New York State to Offer Free College Scholarship Program in 2017


April 11, 2017
by Susan Dutca
New York State will soon be known as the nation's first free-tuition program for middle-class families, and is ready to offer free college tuition to public colleges for in-state residents with adjusted gross incomes of $125,000 a year or less, according to the Associated Press.

New York State will soon be known as the "nation's first free-tuition program for middle-class families," and is ready to offer free college tuition to public colleges for in-state residents with adjusted gross incomes of $125,000 a year or less, according to the Associated Press.

The free college tuition plan, called the Excelsior Scholarship is a part of a $153-billion state budget that was approved by State Senate this past weekend and will allow students from qualifying families to enroll at campuses of the State University of New York or the City University of New York. Beginning in fall of 2017, the college scholarship program will be available to students whose families earn $100,000 or less a year; the income limit will raise to $125,000 by 2019.

An estimated 940,000 families will qualify for the Excelsior Scholarship. In order to be eligible for the free college tuition program, students must be enrolled as full-time students with an average 30 credits/year and maintain a satisfactory GPA. What's the catch? College scholarship recipients must live and work in New York for "the same number of years that they received the scholarship," and room and board are not covered by the college scholarship program. "Why should New Yorkers pay for your college education and then you pick up and move to California?" asked Governor Cuomo.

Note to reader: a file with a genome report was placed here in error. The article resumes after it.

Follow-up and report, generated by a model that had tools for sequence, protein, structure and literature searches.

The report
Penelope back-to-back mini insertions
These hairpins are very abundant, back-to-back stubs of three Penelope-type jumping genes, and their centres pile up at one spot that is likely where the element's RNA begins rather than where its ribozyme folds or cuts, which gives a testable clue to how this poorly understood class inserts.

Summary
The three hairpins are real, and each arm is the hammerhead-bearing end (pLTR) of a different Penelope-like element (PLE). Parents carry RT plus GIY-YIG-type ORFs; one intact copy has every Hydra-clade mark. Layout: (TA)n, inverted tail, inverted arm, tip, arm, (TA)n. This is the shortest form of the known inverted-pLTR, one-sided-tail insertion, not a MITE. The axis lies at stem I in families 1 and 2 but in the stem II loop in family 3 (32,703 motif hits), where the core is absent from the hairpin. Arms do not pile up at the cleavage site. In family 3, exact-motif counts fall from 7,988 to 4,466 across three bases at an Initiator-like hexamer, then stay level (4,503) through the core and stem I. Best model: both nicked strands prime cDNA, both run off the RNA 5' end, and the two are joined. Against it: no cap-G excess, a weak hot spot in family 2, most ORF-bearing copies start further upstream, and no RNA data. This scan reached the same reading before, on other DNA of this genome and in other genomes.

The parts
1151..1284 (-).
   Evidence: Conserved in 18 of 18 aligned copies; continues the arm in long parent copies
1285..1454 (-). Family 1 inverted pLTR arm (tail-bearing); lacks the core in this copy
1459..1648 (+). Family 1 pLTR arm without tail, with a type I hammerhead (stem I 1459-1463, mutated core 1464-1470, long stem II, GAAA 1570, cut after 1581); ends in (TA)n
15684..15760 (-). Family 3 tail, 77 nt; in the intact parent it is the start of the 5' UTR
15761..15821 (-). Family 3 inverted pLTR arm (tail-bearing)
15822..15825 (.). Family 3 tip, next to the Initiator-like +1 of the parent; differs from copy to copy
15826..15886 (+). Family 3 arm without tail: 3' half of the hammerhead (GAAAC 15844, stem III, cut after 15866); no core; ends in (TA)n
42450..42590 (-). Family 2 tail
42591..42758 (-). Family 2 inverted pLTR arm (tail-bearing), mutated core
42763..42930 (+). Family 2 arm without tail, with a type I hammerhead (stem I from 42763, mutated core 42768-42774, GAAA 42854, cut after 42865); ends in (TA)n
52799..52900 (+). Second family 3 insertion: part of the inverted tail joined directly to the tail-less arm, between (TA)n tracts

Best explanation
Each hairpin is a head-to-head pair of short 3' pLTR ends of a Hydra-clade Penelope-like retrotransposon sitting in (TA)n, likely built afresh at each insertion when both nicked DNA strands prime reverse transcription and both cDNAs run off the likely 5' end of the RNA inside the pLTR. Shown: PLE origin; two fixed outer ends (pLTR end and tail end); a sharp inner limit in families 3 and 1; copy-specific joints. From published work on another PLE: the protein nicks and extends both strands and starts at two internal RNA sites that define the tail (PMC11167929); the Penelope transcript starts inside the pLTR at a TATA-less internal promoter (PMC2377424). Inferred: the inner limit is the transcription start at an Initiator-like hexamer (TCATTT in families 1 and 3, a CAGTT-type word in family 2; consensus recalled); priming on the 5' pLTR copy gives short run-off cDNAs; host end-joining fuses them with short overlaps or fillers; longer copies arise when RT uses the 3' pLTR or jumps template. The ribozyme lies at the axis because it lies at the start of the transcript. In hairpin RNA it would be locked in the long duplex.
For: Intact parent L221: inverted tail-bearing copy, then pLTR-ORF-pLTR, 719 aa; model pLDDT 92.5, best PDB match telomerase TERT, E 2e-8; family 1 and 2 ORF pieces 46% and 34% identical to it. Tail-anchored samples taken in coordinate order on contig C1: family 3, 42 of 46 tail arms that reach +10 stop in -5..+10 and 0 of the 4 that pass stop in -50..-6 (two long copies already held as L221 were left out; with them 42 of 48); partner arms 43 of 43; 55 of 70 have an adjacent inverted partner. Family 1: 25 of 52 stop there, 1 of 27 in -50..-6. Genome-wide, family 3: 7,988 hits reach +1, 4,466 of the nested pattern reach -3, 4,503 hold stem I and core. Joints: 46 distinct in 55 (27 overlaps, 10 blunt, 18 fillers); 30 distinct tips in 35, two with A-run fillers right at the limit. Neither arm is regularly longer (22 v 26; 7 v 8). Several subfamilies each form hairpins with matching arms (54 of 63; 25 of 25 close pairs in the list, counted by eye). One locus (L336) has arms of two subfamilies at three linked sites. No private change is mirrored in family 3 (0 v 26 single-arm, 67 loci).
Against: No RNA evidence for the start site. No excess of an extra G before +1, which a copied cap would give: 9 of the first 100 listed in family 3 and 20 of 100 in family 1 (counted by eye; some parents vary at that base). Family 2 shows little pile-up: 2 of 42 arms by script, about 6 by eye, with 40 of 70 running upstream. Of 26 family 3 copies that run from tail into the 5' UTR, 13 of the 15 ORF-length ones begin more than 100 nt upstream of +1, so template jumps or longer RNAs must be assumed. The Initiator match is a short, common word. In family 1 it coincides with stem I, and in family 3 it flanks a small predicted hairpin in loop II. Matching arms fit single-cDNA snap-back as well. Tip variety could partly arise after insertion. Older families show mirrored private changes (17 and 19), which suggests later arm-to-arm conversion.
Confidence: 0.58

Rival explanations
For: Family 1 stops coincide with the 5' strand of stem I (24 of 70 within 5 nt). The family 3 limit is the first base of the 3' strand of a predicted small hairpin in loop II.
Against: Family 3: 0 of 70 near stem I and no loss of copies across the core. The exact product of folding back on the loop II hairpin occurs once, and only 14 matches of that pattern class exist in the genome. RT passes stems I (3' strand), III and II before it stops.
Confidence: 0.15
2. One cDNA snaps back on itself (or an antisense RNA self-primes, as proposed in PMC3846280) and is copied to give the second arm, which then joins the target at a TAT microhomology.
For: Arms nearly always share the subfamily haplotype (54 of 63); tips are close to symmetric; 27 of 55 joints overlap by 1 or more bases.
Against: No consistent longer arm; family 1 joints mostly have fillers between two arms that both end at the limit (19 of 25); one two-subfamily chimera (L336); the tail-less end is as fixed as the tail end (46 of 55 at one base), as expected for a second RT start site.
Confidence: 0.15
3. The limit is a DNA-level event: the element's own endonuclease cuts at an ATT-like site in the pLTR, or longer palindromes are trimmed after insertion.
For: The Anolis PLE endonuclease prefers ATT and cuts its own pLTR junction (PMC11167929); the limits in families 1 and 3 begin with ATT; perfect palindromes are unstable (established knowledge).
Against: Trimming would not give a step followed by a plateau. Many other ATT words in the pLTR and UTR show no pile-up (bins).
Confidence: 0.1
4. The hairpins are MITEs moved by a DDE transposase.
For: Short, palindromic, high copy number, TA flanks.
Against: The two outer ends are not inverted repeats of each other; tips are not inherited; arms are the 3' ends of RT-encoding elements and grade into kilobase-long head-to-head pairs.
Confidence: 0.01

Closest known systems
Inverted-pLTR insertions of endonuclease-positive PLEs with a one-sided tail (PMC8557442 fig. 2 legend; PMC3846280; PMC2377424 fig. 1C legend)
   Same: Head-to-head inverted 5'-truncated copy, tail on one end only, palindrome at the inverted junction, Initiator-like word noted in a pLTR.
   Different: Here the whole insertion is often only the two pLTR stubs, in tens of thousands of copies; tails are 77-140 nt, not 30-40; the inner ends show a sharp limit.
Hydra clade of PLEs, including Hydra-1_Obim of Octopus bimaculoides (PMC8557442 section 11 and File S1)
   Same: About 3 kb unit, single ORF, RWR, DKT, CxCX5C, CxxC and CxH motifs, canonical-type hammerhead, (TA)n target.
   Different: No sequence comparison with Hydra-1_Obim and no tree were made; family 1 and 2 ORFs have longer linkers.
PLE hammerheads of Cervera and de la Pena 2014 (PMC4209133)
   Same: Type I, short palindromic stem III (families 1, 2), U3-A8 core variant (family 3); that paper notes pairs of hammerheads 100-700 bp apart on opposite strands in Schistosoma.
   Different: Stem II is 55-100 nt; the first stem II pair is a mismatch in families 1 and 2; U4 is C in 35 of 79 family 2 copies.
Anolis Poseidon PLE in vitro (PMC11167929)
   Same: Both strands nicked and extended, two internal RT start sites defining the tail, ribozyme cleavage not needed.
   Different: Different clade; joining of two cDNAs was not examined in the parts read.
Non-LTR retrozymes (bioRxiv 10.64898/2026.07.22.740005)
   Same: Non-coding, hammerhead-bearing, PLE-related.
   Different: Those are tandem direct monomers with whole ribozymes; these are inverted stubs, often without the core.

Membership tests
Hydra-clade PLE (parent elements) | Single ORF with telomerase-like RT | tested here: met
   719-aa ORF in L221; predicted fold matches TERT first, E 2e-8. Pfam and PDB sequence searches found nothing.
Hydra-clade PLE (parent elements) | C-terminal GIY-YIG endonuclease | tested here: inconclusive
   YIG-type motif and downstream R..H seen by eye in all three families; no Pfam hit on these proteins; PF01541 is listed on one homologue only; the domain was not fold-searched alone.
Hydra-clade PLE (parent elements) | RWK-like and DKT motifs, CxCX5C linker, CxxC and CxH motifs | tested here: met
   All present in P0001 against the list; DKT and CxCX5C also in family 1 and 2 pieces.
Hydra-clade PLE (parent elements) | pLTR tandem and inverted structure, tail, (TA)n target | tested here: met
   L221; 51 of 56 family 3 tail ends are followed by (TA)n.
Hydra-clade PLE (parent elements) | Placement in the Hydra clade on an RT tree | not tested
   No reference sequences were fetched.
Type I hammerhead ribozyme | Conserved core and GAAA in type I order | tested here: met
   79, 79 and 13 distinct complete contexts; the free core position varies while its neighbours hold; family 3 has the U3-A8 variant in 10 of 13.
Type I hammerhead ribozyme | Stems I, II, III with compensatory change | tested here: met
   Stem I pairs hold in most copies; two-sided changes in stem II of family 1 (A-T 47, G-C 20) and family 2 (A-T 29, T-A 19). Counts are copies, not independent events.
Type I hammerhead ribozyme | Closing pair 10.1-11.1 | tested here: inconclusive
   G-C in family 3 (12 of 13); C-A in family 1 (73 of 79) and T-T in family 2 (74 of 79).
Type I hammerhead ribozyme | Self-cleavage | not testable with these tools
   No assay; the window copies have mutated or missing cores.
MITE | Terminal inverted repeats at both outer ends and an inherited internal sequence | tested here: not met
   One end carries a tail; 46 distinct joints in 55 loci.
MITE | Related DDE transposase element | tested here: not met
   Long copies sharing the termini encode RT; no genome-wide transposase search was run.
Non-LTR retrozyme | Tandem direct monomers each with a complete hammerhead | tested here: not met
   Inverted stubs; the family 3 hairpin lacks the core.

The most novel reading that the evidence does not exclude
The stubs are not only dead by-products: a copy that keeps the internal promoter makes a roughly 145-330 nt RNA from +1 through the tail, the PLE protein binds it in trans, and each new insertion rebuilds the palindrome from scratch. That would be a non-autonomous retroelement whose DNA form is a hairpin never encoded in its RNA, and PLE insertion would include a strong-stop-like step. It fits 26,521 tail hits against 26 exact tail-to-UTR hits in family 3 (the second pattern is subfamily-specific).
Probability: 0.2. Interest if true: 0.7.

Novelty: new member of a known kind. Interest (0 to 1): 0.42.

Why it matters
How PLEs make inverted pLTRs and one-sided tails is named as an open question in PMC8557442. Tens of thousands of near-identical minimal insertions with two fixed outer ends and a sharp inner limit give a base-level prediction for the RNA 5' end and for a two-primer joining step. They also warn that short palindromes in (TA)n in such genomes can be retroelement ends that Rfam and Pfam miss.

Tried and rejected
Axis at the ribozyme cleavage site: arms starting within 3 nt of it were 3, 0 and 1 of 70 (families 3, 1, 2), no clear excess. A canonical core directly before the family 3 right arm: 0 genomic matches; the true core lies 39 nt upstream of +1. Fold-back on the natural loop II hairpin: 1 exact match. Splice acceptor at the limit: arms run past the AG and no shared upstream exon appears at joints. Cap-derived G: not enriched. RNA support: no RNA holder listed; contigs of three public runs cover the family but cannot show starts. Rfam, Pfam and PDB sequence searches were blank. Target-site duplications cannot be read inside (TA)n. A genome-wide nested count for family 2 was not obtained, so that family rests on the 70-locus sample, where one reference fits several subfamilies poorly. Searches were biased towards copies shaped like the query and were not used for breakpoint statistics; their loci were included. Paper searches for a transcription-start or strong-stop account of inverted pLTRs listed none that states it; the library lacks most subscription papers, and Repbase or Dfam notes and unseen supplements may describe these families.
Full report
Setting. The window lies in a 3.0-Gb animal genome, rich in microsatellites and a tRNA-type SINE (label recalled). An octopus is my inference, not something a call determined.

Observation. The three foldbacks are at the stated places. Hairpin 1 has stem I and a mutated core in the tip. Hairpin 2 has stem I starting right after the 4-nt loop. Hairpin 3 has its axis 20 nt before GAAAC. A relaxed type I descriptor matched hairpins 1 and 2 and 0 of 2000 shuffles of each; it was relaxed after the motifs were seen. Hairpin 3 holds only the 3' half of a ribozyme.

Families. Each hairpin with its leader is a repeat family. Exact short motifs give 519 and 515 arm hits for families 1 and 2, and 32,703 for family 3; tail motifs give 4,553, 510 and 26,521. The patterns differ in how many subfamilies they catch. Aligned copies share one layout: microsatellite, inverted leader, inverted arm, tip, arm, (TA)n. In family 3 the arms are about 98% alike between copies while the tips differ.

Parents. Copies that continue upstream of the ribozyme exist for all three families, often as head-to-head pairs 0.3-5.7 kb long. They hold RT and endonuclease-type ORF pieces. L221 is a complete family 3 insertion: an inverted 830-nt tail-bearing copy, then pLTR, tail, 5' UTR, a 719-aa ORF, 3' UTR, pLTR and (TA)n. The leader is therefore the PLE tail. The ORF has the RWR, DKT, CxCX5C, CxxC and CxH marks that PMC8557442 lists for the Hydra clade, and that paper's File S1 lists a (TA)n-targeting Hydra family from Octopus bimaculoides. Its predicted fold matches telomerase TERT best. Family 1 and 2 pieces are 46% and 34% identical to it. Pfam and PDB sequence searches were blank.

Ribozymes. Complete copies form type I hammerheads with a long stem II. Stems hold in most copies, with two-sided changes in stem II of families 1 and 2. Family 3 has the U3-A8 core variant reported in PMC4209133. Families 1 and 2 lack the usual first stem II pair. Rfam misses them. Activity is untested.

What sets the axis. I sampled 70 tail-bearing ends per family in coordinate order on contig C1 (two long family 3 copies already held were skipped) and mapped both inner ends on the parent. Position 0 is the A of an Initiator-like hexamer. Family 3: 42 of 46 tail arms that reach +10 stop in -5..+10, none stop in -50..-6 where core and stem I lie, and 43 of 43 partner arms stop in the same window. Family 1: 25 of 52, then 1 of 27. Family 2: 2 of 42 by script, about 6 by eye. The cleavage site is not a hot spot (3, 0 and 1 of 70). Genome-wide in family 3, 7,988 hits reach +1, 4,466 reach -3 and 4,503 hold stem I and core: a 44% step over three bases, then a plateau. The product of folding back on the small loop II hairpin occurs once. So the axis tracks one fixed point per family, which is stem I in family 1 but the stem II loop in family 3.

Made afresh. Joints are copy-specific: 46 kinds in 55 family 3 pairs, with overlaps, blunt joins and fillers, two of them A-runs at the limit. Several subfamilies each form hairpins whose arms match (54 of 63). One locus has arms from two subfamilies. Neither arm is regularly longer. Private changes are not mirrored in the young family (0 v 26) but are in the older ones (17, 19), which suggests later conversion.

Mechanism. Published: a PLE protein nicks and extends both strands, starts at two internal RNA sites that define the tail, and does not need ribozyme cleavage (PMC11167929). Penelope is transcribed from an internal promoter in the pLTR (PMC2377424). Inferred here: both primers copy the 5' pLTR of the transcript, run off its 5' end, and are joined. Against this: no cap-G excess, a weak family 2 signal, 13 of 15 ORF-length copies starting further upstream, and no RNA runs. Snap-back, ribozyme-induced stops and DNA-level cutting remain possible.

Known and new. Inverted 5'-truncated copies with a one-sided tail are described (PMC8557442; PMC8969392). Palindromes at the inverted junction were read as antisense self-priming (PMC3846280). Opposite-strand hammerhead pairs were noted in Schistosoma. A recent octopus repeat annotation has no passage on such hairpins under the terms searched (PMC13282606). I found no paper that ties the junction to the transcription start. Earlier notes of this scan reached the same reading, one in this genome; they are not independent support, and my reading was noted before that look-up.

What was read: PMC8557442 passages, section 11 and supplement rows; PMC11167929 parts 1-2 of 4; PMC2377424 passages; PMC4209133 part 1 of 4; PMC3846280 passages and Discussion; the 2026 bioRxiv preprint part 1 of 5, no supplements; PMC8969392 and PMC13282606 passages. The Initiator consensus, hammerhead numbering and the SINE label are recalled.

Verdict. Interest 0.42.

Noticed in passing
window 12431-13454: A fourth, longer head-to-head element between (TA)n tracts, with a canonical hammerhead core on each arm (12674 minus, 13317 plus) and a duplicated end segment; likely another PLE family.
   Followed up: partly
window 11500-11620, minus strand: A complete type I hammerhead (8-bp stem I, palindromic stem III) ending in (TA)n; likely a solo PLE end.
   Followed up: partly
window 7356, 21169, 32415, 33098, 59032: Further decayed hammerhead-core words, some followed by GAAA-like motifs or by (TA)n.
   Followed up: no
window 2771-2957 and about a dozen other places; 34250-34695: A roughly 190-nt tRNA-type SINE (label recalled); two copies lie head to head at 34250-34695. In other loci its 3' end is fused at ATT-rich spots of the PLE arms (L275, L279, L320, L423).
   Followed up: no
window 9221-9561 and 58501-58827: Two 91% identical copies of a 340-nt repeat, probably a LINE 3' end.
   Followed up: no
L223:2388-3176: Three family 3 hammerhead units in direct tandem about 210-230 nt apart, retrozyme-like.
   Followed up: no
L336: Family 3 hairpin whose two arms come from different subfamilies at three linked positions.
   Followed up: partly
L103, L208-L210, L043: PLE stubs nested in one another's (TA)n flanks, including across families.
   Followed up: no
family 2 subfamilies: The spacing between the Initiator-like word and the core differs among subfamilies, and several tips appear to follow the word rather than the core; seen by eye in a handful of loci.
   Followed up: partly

Some lawmakers are calling Governor Cuomo's free college tuition a "sham," as its requirements are reportedly too strict for those enrolled part-time or have side jobs; a total of 120 credit hours must be completed in four years to maintain eligibility. Furthermore, the college scholarship plan could mean an increase in tuition by $200 a year for the next three years at SUNY and CUNY.

Beginning in 2018, students will not be eligible to receive TAP college grants from the state's tuition program if they choose to attend private colleges "that do not comply with the [tuition] cap." In doing this, "you're not giving the student the money that would help them with the choice of where they want to go to school," according to the President of the Commission on Independent Colleges and Universities.

While not all states are currently offering free college scholarship and tuition initiatives yet, there are plenty of college scholarship opportunities out there - not all of which require you to attend a specific college. However, if you are interested in college scholarships by state, check out the many ways in which you can help pay down your tuition bill.

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